The prophets, bearing in mind the loose working definition in the Preface, were a rather eclectic lot and while there may be common characteristics among the many we come across when reading the Bible there were huge variations too. They come from all walks of life and comprised a wide range of characters and temperaments. While there were wide variations in their message, a common theme was God’s holiness and justice as well as His love and mercy. While they prophesied primarily to Judah and Israel, there were important messages for the surrounding nations too. While not quite going along with the list provided in the Talmud (48 male and 7 female), the central text of Rabbinic Judaism and the primary source of Jewish religious law and Jewish theology, as to who the prophets of the Old Testament were, it a useful check in identifying the prophets we need to discuss. A few from their list have been rejected as not meeting the criteria set out in the Preface, and a few not on their list have been added. When it comes to the New Testament, there were few named prophets, although given the extent of the gift usage, there were many more unnamed or unknown. The role of the NT prophet changed from mainly prophesying to nations to that of building up the Church. One important observation is that as far as the Bible goes, the message of the prophets is generally a lot more important than their lives, and it is hardly surprising that in most cases we know so little about them.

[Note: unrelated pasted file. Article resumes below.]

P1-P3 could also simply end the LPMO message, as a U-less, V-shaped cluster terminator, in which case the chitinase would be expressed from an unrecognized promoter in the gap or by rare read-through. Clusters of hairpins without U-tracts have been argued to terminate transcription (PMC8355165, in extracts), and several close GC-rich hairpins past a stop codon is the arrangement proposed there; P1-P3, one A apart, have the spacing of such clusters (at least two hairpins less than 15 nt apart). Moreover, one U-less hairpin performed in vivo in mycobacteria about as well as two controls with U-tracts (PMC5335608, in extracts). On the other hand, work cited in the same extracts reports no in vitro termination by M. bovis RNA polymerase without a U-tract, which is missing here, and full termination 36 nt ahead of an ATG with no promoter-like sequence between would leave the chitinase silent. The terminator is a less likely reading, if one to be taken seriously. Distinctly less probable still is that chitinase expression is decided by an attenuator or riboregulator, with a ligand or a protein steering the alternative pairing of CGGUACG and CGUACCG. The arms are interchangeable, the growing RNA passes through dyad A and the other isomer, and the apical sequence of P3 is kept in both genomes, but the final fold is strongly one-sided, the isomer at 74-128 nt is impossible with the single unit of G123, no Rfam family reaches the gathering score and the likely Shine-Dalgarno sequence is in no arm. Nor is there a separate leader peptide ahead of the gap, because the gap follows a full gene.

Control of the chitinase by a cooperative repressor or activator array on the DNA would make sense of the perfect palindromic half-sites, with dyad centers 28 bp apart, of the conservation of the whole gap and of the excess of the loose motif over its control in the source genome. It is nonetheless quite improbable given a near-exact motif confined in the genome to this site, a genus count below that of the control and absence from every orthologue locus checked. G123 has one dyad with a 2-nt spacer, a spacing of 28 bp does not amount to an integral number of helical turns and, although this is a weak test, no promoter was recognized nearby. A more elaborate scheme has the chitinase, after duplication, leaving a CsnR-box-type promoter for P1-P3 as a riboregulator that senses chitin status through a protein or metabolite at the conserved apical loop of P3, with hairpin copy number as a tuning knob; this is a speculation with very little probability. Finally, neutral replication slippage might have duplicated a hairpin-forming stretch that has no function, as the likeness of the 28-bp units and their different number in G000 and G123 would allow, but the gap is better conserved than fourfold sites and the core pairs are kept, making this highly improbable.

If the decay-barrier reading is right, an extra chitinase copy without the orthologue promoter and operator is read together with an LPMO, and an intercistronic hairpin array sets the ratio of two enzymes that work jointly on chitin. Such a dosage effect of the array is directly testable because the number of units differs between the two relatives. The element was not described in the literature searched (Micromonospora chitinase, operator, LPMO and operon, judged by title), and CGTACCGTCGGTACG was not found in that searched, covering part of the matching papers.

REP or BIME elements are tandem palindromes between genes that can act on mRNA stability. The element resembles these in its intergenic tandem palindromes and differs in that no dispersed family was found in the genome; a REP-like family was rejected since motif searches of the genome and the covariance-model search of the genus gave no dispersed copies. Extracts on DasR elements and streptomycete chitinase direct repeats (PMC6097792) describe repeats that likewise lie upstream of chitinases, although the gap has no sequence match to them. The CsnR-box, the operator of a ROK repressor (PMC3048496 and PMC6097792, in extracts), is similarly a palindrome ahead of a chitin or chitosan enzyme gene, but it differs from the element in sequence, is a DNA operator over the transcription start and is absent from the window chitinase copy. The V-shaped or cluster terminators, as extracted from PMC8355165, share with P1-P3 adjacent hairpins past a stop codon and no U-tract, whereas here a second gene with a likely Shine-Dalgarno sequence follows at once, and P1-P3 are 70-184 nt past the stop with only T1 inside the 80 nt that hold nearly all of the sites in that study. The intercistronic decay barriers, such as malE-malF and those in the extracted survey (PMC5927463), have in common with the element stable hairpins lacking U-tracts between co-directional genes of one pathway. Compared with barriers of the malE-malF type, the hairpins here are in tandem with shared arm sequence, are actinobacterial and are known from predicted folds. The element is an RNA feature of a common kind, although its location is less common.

A good deal of what the Hebrew prophets prophesied only came to pass after their deaths and one is reminded of the words of the poet Longfellow: “Though the mills of God grind slowly, yet they grind exceeding small; Though with patience He stands waiting, with exactness grinds He all.” What was said came to pass and, from what we can make out from the historical record, did so exactly as the prophets predicted, which if this were a book on Bible apologetics would furnish good evidence that the Bible is true and YHWH is the true and living God. Some prophecies related to the First coming of Israel’s promised Messiah which, while it may be a view non-believing Jewish folk would likely reject, was something that the early Christians repeatedly referred to. This is evidenced by the number of Old Testament references cited in the New when it applies these to the birth and death and events concerning Jesus’ life.